BNPP sturdier than Fukushima plant
IF THE Bataan Nuclear Power Plant (BNPP) had been in operation, and an earthquake followed by a tsunami similar to what happened in Japan last week had occurred, would it have gone the way of the Fukushima Nuclear Power Plant (FNPP)?
The answer is an unambiguous no, according to former Rep. Mark Cojuangco of Pangasinan, who is leading the move to study the feasibility of reactivating the BNPP. And he is credible, because he has no financial interest in any activity related to the issue, his main concern being how to make the country more competitive by lowering its energy costs, not to mention reduce its pollution. Moreover, he has done a lot of homework on the subject.
Why the no?
Well, says Cojuangco, for one thing, the BNPP is built on a hilltop, 18 meters above sea level, so no tsunami could have touched it. Is this a big deal? Yes, because the FNPP problems were caused by the tsunami that followed the earthquake.
For another, if the FNPP did not crumble because of the earthquake, much less would the BNPP. Why? Because the BNPP was designed to withstand a seismic load (definition: the force on a structure caused by acceleration induced on its mass by an earthquake) of 0.4g, while the FNPP was designed to a seismic load of only 0.18g. Cojuangco also points out that the FNPP did not crumble despite the fact that the earthquake was stronger than its design basis, because apparently nuclear plants are built conservatively with “overkill ‘safety factors’.”
For kickers, Cojuangco mentions that while the FNPP is a BWR (Boiling Water Reactor) with only one cooling circuit, the BNPP is a PWR with two separate and distinct cooling circuits. The additional isolation apparently makes for “more forgiving of extreme situations” although the tradeoff is a reduction in efficiency (4 percent).
Cojuangco’s views are a welcome relief from the rush to judgment that has apparently gripped any number of people, led and fed of course by the so-called “anti-nukes.” But that does not excuse the inaccuracies being bruited about to bolster the anti-nuke position. Thankfully, Science and Technology Secretary Mario Montejo and Sen. Miriam Santiago refuse to be stampeded.
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With all the attention being focused on the Japanese tragedy (and I salute the Japanese people for their grace under tremendous pressure), let us please not overlook the latest example of the sea change (for the better) that has taken place in the Presidential Commission on Good Government (PCGG). We cannot afford to, because what is involved amounts to hundreds of billions (not millions) of pesos that rightly belong to the Filipino people.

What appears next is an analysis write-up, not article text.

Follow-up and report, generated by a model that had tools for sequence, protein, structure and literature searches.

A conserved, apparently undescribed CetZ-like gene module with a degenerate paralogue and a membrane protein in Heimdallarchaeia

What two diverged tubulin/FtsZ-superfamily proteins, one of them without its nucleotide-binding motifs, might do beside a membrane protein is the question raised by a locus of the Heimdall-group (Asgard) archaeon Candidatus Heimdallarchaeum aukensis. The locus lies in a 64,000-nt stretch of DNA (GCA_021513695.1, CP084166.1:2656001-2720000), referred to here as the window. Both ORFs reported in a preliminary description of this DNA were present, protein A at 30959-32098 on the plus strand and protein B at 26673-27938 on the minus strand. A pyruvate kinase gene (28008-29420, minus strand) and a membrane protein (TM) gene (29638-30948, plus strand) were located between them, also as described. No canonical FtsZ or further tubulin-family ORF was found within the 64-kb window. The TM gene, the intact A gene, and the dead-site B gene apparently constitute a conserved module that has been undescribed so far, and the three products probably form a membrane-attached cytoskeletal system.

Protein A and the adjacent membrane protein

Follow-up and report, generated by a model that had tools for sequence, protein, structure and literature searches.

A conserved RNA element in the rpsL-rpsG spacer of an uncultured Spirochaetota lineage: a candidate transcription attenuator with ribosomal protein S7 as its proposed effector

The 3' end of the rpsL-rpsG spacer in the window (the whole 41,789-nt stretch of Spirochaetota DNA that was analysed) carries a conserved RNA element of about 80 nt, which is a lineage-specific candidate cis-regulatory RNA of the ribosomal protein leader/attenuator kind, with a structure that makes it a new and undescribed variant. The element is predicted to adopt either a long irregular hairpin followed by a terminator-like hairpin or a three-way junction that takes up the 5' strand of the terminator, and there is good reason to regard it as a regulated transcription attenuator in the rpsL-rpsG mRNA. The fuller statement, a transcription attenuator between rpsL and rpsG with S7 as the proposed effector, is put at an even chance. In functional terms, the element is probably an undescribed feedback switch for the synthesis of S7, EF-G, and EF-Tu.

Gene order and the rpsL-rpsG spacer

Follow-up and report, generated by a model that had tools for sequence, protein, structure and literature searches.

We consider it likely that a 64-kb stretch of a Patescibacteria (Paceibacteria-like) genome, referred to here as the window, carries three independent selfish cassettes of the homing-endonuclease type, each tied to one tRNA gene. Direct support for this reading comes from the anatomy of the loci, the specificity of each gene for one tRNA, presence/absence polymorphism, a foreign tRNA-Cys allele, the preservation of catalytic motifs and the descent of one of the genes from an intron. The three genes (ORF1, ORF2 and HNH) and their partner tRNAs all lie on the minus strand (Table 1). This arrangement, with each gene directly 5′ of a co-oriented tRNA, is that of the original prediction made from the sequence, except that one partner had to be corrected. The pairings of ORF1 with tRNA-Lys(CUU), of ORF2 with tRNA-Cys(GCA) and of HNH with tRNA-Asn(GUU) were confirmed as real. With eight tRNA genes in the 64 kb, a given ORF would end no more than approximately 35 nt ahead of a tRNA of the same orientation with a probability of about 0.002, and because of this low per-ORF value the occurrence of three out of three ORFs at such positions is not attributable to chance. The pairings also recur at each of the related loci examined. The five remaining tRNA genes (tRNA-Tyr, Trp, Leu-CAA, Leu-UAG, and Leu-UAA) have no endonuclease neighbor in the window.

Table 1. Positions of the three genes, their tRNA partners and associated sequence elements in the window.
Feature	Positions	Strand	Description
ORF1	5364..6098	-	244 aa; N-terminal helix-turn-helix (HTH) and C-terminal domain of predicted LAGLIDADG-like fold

The reader will recall that an earlier PCGG, upon the urging of the late, unlamented Solicitor General Agnes Devanadera, who in turn was urged by the defense attorney, fired the best lawyer it had against Lucio Tan et al. (Civil Case 0005) which was being heard in the Sandiganbayan. It then later opined that granting immunity to Tan’s brother, Mariano Tanenglian, to enable him to testify against Lucio, would not serve the interests of the republic. Moreover, the government lawyers seemed to be content to be ridden roughshod over by the Sandiganbayan and by Tan’s lawyers.
Well, not anymore, praise be. Four days ago, a motion signed by two new PCGG commissioners (Gerard Mosquera and Richard Amurao) and the new solicitor general (Joel Cadiz), among others, asked that the justices hearing the case—Roland Jurado, Teresita V. Diaz-Baldos and Napoleon Inoturan—voluntarily inhibit themselves. About time.
Why? Because of the justices’ “manifest partiality and bias in favor of the powerful interests impleaded in this case” (read Lucio Tan), which “glaring inequity substantially eroded the Republic’s faith that this case would be resolved in accordance with law, justice and equity.”
I totally agree. While the Motion for Voluntary Inhibition documents the bias, it is couched in legalese, and full of “regrettably” and “this Honorable Court.” Here is my version:
I have been following Civil Case 0005 for a long time, but two years ago, a major break appeared for the government when the brothers Tan (Lucio and Mariano) had an irreparable public rift. Mariano prepared to be a government witness against Lucio.
Shortly after that, however, the Sandiganbayan laid down a ruling, at the urging of the defense, that the plaintiff (government) had only 15 days to submit all its evidence, with the defense given another 15 days to comment, after which the court would have deemed the “incident” submitted for resolution.
The articulated reason for such a ruling (and the defense request) was that the plaintiff had dragged its feet on the case for too long. But the timing of the ruling, coming so close after the news of the possibility of Mariano’s turning state witness, had to be, at the very least, cause for suspicion. No matter how the language was couched, it was obvious (at least to a layman like me) that both the defense and the Sandiganbayan were trying to head off the disaster that the Tanenglian testimony would wreak.
After that, the Sandiganbayan seemed to be stonewalling every motion filed by the prosecution for relief, siding with the defense every time. I was forcefully reminded of the bias showed by then Regional Trial Court Judge Amelia Tolentino in the Webb case (she got her comeuppance from Supreme Court Justice Maria Lourdes Sereno).
Go get them, PCGG and OSG. The Filipinos deserve a break.